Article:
|Appears in Collections:
|Biological and Environmental Sciences Journal Articles
|Peer Review Status:
|Genetic divergence during long-term isolation in highly diverse populations of tropical trees across the Eastern Arc mountains of Tanzania
|Jump A, Carr M, Ahrends A & Marchant R (2014) Genetic divergence during long-term isolation in highly diverse populations of tropical trees across the Eastern Arc mountains of Tanzania. Biotropica, 46 (5), pp. 565-574. https://doi.org/10.1111/btp.12139
|The Eastern Arc Mountains are believed to support some of the oldest tropical forest in the world. The current distribution of this forest is highly fragmented due to a combination of long-term effects of past changes in global climate and more recent deforestation. We sought to explore the hypothesized antiquity and long-term isolation of the Eastern Arc montane forests based on an assessment of the geographical distribution and interspecies similarity of chloroplast DNA sequence variation in five forest trees. Data were used to investigate regional patterns of diversity and population structure based on intraspecific phylogenies, and results were interpreted against hypotheses on ecosystem age and connectivity. Regional diversity was high, with up to 22 chloroplast DNA haplotypes being recorded within a species across the sampled populations. Geographical concordance of genetic and geographic structure was weak to absent in all species and there was little similarity of genetic structure between species. Haplotype sharing between mountain blocks was extremely limited. The generally weak phylogeographical structure, in conjunction with high regional diversity and genetic uniqueness of individual mountain forests does not support the assumption of widespread genetic connectivity of the mountain forests, indicating instead a pattern of past isolation and ongoing diversification. Our findings substantially add to understanding patterns of diversity in this region and lend weight to calls to use more sophisticated biodiversity assessments when setting regional conservation and research funding priorities.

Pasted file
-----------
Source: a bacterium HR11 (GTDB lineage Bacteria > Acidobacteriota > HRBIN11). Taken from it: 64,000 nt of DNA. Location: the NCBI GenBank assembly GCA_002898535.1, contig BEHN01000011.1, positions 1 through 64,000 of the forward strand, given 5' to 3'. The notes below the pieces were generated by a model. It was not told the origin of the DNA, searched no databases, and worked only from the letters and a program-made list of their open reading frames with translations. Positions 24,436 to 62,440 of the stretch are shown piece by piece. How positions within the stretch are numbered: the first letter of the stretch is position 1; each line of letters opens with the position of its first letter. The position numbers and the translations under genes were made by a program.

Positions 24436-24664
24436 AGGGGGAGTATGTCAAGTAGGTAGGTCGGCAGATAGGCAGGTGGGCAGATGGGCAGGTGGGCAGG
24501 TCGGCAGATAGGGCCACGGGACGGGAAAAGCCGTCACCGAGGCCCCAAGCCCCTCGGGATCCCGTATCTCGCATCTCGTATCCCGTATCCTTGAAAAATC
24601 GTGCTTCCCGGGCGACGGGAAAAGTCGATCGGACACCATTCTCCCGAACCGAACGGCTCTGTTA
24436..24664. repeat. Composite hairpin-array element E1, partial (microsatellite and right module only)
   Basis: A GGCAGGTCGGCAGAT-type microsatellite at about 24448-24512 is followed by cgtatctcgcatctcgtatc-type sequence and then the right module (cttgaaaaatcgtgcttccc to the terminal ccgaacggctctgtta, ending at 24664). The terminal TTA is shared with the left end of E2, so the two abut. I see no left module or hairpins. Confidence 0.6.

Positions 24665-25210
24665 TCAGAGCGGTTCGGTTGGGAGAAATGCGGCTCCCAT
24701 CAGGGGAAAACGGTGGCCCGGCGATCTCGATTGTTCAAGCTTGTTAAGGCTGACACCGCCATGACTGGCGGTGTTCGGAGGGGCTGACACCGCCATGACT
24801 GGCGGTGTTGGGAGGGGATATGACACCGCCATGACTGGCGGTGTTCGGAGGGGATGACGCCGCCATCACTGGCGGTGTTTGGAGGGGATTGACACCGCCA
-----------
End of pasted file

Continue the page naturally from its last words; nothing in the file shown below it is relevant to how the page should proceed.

|The publisher does not allow this work to be made publicly available in this Repository. Please use the Request a Copy feature at the foot of the Repository record to request a copy directly from the author. You can only request a copy if you wish to use this work for your own research or private study.
|Jump et al_Biotropica_2014.pdf
|Fulltext - Published Version
|Under Permanent Embargo Request a copy
Note: If any of the files in this item are currently embargoed, you can request a copy directly from the author by clicking the padlock icon above. However, this facility is dependent on the depositor still being contactable at their original email address.
This item is protected by original copyright
Items in the Repository are protected by copyright, with all rights reserved, unless otherwise indicated.
The metadata of the records in the Repository are available under the CC0 public domain dedication: No Rights Reserved https://creativecommons.org/publicdomain/zero/1.0/
If you believe that any material held in STORRE infringes copyright, please contact email@example.com providing details and we will remove the Work from public display in STORRE and investigate your claim.